About the Facility for Aquatic Cytometry

History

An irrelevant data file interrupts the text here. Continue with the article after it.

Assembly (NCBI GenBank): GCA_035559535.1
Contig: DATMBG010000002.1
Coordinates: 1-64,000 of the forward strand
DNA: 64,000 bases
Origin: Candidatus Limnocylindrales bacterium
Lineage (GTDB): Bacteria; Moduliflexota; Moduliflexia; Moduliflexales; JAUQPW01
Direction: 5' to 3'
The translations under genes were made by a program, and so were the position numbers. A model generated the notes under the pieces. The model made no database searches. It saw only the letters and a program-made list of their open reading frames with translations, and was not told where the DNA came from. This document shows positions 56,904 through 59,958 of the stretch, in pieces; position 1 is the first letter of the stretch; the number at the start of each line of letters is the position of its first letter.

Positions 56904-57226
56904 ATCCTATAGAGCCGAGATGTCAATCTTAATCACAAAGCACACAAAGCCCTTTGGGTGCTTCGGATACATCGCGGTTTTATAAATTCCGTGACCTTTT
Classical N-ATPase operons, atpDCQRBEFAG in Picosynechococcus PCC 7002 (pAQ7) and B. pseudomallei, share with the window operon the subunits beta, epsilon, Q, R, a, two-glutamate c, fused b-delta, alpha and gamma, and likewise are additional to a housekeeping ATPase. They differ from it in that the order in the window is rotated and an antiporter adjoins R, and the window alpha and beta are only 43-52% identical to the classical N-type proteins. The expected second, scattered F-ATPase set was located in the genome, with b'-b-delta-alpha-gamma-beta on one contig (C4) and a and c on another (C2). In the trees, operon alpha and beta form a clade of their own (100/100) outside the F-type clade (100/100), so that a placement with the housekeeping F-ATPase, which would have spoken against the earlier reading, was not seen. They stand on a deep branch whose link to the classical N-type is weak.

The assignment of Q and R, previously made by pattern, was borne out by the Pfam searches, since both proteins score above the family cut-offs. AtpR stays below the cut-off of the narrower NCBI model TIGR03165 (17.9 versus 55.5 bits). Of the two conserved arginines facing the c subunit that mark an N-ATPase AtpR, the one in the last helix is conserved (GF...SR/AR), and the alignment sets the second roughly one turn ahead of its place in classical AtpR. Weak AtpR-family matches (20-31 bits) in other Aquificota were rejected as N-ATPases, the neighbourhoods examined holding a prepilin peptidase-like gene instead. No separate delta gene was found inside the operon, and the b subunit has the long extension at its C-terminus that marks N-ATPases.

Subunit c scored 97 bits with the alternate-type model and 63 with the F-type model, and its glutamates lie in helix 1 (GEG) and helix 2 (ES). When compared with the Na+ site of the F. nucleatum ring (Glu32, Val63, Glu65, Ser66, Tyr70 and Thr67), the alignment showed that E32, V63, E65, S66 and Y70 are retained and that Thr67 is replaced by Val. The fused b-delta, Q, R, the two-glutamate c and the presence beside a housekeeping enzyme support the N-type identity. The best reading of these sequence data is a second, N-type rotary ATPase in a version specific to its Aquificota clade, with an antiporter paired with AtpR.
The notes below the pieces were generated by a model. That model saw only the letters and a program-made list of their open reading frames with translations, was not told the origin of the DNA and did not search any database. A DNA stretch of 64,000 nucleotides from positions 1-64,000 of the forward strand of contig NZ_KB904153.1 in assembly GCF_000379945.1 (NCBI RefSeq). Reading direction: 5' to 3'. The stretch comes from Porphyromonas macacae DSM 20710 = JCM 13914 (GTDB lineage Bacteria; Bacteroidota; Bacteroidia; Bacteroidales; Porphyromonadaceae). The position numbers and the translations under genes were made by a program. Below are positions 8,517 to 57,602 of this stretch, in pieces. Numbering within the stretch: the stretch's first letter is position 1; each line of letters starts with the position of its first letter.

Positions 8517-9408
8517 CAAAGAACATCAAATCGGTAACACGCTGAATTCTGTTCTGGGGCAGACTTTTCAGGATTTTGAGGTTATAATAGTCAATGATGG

Established in 1983 by Dr. Clarice Yentsch, the J. J. MacIsaac Facility for Aquatic Cytometry housed the first flow cytometer used in aquatic science research. Flow cytometry was originally developed for use in medicine and the biomedical industry to count blood and cancer cells. Bigelow Laboratory scientists pioneered its use to see what resides inside the water column and our environmental systems. Today, this multi-user facility, located in the Bigelow Laboratory’s Center for Blue Biotechnology at the Ocean Science and Education Campus in East Boothbay, Maine, is dedicated to applying new technologies to the study of algae and aquatic microbes from marine and freshwater ecosystems. Scientists from around the world use the facility for development of new applications and stains, routine cell counting, cell sorting, and aquatic flow cytometric training. The MacIsaac Facility provides state-of-the art space for the latest cytometric instruments, imaging technologies, and applications. The Facility houses several flow cytometers and cell sorters, microscopy and imaging systems, and a FlowCAM imaging-in-flow analyzer, an instrument invented at Bigelow Laboratory and manufactured by Fluid Imaging Technologies in Scarborough, Maine. A unique aspect of the Facility is its ability to operate off-site, using a portable lab van with a cell sorter to isolate cells from “field” samples. Working in conjunction with Bigelow Laboratory’s National Center for Marine Algae and Microbiota (NCMA), Bigelow Analytical Services (BAS) and the Single Cell Genomics Center (SCGC), typical applications include algal isolation and cultivation, biochemical analysis, and single-cell sorting for whole genome amplification.